Fluxbox enables you to use specialized files that contain X(1) resources to specify colors, textures, pixmaps and fonts, and thus the overall look of your window borders, menus and the toolbar.

The default installation of Fluxbox provides some of these style files. See fluxstyle(1) to accomodate the growing number of style components.


You can customise Fluxbox' key handling through the ~/.fluxbox/keys file. The file takes the format of : <modifier> <key> [...] :<operation> In the example below, Mod1 is the 'Alt' key on the PC keyboard and Mod4 is one of the three extra keys on a pc104 branded with a sickening corporate logo. # Fluxbox keys file. # Any line starting with a # is a comment. Mod1 Tab :NextWindow Mod1 F1 :Workspace 1 Mod1 F2 :Workspace 2 Mod1 F3 :Workspace 3 Mod1 F4 :Workspace 4 Mod1 F5 :Workspace 5 Mod1 F6 :Workspace 6 Mod1 F7 :Workspace 7 Mod1 F8 :Workspace 8 Mod1 F9 :Workspace 9 Mod4 b :PrevWorkspace Mod4 c :Minimize Mod4 r :ExecCommand rxvt Mod4 v :NextWorkspace Mod4 x :Close Mod4 m :RootMenu Control n Mod1 n :NextTab As you can see from the last line, keybinds can be chained in a fashion similar to emacs keybindings.

Commands are caseinsensitive, workspace numbering starts at "1", some commands have synonyms, the space between the last key and the :Command is mandatory. Possible Operations:

window manager commands Restart argument Quit Reconfigure SetStyle argument ExecCommand, Execute or Exec command commands to currently focused window Minimize, MinimizeWindow or Iconify Maximize, MaximizeWindow Fullscreen MaximizeVertical MaximizeHorizontal ResizeTo width height Resize delta-width delta-height ResizeHorizontal delta-width ResizeVertical delta-height MoveTo x y Move delta-x delta-y MoveRight delta-x MoveLeft delta-x MoveUp delta-y MoveDown delta-y Raise Lower Close Shade, ShadeWindow Stick, StickWindow ToggleDecor SendToWorkspace number : Sends the current window and takes you with it. KillWindow NextTab PrevTab MoveTabLeft MoveTabRight DetachClient workspace commands NextWorkspace PrevWorkspace RightWorkspace by-number LeftWorkspace by-number Workspace number NextWindow by-number PrevWindow by-number NextGroup by-number PrevGroup by-number ArrangeWindows ShowDesktop - Iconifies all windows. RootMenu WorkspaceMenu WindowMenu WorkspaceNameDialog - edit workspaces name dialog (old SetWorkspaceName) SetWorkspaceName name Prev/NextWindow Parameter NextWindow and PrevWindow take an integer parameter. 0 or unspecified = Default/current behavior - no skipping 1 = Skip lower tabs 2 = Skip stuck windows 3 = Skip lower tabs/stuck windows 4 = Skip shaded windows 5 = Skip lower tabs/shaded windows 6 = Skip stuck windows/shaded windows 7 = Skip lower tabs/stuck windows/shaded windows special commands MacroCmd ReloadStyle SetResourceValue resourcename resource value BindKey key string : action - this will append key string and action to your keys file and bind the key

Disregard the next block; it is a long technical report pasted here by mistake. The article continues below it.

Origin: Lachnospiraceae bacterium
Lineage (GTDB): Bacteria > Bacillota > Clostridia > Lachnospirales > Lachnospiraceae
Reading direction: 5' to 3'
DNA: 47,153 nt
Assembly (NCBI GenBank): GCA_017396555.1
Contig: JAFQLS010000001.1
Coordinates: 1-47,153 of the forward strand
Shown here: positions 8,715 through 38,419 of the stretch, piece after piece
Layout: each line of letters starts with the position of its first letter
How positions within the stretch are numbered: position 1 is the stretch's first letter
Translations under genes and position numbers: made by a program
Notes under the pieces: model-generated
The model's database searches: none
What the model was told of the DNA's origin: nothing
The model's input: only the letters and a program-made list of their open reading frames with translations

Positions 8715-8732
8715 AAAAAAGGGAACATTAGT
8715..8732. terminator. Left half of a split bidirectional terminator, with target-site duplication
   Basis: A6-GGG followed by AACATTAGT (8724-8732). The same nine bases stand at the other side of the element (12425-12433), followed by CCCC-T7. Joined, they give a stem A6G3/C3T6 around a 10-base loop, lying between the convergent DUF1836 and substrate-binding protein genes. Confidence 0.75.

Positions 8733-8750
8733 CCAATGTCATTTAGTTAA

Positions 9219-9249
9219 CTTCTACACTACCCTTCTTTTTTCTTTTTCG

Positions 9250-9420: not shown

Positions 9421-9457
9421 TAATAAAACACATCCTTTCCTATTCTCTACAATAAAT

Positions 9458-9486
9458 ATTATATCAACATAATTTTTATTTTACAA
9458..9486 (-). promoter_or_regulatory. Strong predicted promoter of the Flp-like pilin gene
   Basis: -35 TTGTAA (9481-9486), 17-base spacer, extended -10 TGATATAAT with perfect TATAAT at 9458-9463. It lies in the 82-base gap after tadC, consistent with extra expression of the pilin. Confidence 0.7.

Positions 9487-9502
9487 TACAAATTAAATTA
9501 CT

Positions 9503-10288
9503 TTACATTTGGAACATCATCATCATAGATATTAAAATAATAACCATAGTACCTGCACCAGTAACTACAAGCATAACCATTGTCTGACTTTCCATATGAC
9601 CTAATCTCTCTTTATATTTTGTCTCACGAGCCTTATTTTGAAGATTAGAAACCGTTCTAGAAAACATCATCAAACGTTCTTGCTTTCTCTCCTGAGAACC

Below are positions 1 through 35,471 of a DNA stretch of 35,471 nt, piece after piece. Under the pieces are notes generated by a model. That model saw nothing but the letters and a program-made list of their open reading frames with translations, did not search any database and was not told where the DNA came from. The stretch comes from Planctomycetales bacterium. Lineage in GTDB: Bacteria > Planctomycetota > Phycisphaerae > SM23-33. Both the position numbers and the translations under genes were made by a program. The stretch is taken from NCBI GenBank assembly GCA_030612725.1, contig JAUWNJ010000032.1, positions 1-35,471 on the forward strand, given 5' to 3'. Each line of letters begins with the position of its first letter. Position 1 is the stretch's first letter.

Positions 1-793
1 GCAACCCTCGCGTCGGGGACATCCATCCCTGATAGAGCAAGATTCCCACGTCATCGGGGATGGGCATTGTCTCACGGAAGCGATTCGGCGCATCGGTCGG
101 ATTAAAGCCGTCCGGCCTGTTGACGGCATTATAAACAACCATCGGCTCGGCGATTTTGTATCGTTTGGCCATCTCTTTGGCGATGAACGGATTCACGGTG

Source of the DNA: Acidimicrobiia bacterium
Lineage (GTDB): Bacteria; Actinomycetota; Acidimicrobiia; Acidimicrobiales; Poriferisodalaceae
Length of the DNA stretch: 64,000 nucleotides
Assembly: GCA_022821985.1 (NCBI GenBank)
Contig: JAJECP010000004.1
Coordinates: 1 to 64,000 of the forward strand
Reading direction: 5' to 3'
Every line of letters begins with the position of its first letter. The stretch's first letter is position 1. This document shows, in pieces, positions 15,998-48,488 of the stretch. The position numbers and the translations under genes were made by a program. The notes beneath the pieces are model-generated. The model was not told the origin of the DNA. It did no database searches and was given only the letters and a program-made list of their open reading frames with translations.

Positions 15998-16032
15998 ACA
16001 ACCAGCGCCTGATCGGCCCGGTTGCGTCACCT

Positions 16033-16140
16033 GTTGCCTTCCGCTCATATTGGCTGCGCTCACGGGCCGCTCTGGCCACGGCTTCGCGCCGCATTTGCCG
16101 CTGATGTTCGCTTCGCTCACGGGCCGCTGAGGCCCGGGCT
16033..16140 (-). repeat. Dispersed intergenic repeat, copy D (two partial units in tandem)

Since version 0.1.11, Fluxbox has a feature called autogrouping, that is apps are automatically grouped together if they are in the same group. You can create groups simply by editing the ~/.fluxbox/groups file. The file takes the format of: <app1> <app2> <app3> ... <appN> where elements can be found with this command: xprop WM_CLASS Just launch this command in a terminal and click on the desired app after. It will tell you what to write as element. Each line forms a different group, e.g: Navigator nedit xterm This will create two groups, one with netscape and nedit, and one with xterm. The new window will only group itself to other windows on the same workspace and to the last window that was focused.


The slit is a special Fluxbox window frame that can contain dockable applications, e.g. the `bbtools.' When applications are run in the slit they have no window borders of their own; instead they are framed in the slit, and they are always visible in the current workspace. You can click button 3 on the edge of the slit window to get a menu to determine its position, whether its contained applications should be grouped horizontally or vertically and whether the slit should hide itself when the mouse moves away.

Most dockable applications use the -w option to run in the slit. For example, you could put in your ~/.xinitrc: bbmail -w & bbpager -w & exec fluxbox Of course to use the slit you must have slit support compiled in.


Since version 0.1.10, Fluxbox has the capacity to launch dockapps in the order told by the ~/.fluxbox/slitlist file.